There were several developments in the coronavirus pandemic you may have missed overnight.
Here’s a look:
Nearing 500,000 deaths. The U.S. stood Sunday at the brink of a once-unthinkable tally: 500,000 people lost to the coronavirus.
A year into the pandemic, the running total of lives lost was about 498,000 — roughly the population of Kansas City, Missouri, and just shy of the size of Atlanta. The figure compiled by Johns Hopkins University surpasses the number of people who died in 2019 of chronic lower respiratory diseases, stroke, Alzheimer’s, flu and pneumonia combined.
“It’s nothing like we have ever been through in the last 102 years, since the 1918 influenza pandemic,” the nation’s top infectious disease expert, Dr. Anthony Fauci, said on CNN’s “State of the Union.”
Masks into 2022. The nation’s leading infectious disease expert said Sunday that it’s “possible” Americans will need to continue wearing masks into 2022 to protect against COVID-19.
Asked by CNN’s Dana Bash whether Americans will need to continue masking into next year, Dr. Anthony Fauci responded: “I think it’s possible that that’s the case.”
Fauci went on to predict when the U.S. will see a degree of “normality.”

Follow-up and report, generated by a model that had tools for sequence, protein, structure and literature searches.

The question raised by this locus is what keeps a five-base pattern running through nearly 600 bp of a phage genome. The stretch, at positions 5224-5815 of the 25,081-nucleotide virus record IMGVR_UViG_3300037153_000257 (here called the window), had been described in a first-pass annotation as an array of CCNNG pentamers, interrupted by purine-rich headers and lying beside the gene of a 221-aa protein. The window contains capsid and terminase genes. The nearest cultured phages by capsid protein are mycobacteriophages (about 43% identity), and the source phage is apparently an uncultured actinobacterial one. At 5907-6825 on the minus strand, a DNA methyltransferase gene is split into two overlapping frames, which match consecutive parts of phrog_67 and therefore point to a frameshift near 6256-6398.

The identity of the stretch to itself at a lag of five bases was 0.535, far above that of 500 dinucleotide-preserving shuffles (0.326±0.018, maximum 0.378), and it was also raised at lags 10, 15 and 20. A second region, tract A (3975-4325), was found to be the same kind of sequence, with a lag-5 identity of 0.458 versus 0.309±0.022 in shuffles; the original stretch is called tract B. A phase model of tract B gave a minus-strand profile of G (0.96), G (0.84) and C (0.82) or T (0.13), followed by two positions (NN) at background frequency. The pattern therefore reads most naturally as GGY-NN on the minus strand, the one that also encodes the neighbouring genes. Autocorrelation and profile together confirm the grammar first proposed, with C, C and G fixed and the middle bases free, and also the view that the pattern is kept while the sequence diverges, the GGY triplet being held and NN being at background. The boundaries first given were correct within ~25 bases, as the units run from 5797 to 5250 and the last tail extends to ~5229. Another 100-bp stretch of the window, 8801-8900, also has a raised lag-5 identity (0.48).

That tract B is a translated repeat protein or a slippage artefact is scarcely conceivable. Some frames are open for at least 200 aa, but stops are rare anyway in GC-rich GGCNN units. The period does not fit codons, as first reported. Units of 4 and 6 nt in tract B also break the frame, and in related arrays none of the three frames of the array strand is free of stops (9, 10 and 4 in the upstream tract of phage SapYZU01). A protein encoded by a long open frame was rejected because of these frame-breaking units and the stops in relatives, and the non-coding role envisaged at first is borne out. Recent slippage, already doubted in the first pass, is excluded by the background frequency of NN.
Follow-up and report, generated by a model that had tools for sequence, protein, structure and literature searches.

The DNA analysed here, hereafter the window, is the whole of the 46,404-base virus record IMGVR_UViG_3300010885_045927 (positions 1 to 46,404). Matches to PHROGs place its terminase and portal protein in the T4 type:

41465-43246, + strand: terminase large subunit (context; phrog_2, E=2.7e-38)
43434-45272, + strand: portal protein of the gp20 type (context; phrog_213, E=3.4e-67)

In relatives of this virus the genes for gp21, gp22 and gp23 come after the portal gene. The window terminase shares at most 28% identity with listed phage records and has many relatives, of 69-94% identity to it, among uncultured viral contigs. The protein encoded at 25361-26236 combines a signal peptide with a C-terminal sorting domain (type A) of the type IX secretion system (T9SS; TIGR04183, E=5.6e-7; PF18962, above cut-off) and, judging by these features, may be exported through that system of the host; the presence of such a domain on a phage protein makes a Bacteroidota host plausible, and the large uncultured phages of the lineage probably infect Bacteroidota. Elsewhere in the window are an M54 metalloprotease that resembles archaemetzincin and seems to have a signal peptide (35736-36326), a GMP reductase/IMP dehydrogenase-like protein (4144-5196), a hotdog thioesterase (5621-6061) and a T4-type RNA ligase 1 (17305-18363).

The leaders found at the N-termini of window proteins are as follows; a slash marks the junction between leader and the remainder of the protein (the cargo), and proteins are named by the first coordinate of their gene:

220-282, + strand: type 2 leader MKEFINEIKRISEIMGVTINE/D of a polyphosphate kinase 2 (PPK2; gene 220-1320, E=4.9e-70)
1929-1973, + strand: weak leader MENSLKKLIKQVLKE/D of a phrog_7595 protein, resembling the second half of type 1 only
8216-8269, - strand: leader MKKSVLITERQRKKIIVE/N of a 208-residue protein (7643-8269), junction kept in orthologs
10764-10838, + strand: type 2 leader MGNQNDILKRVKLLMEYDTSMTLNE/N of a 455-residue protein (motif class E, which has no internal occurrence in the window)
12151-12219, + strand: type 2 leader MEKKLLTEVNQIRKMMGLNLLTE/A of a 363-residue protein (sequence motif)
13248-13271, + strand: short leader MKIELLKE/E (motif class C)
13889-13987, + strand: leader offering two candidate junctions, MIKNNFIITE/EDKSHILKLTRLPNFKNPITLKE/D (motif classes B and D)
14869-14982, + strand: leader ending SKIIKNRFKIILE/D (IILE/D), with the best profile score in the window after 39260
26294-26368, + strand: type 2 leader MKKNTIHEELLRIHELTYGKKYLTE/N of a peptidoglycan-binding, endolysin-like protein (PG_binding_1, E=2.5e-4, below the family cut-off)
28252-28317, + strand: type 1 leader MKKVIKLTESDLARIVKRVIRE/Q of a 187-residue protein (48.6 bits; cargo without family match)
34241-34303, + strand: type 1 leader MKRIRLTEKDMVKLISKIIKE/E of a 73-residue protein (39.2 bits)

“I think we’ll have a significant degree of normality…as we get into the fall and winter by the end of the year,” he said.
Costco vaccines. The warehouse retailer Costco has begun offering COVID-19 vaccinations at select locations.
The vaccines are currently being offered in cities in California, New York, Oregon, South Carolina, Washington and Puerto Rico.
“Our pharmacies will be administering COVID-19 vaccines as soon as they are available, in accordance with CDC and state guidelines,” the retailer said in a statement.
Vaccines down under. Australia started its COVID-19 inoculation program on Monday, days after its neighbor New Zealand, with both governments deciding their pandemic experiences did not require the fast tracking of vaccine rollouts that occurred in many parts of the world.
Other countries in the Asia-Pacific region that have dealt relatively well with the pandemic either only recently started vaccinating or are about to, including Thailand, Vietnam, Cambodia and Singapore.
Catherine Bennett, an epidemiologist at Australia’s Deakin University, said countries that do not face a virus crisis benefit from taking their time and learning from countries that have taken emergency vaccination measures such as the United States.
“We’ve now got data on pregnant women who are vaccinated. Natural accidents, like incorrect dosing, happen in a real world rollout,” Bennett said. “All of those things are really valuable insights.”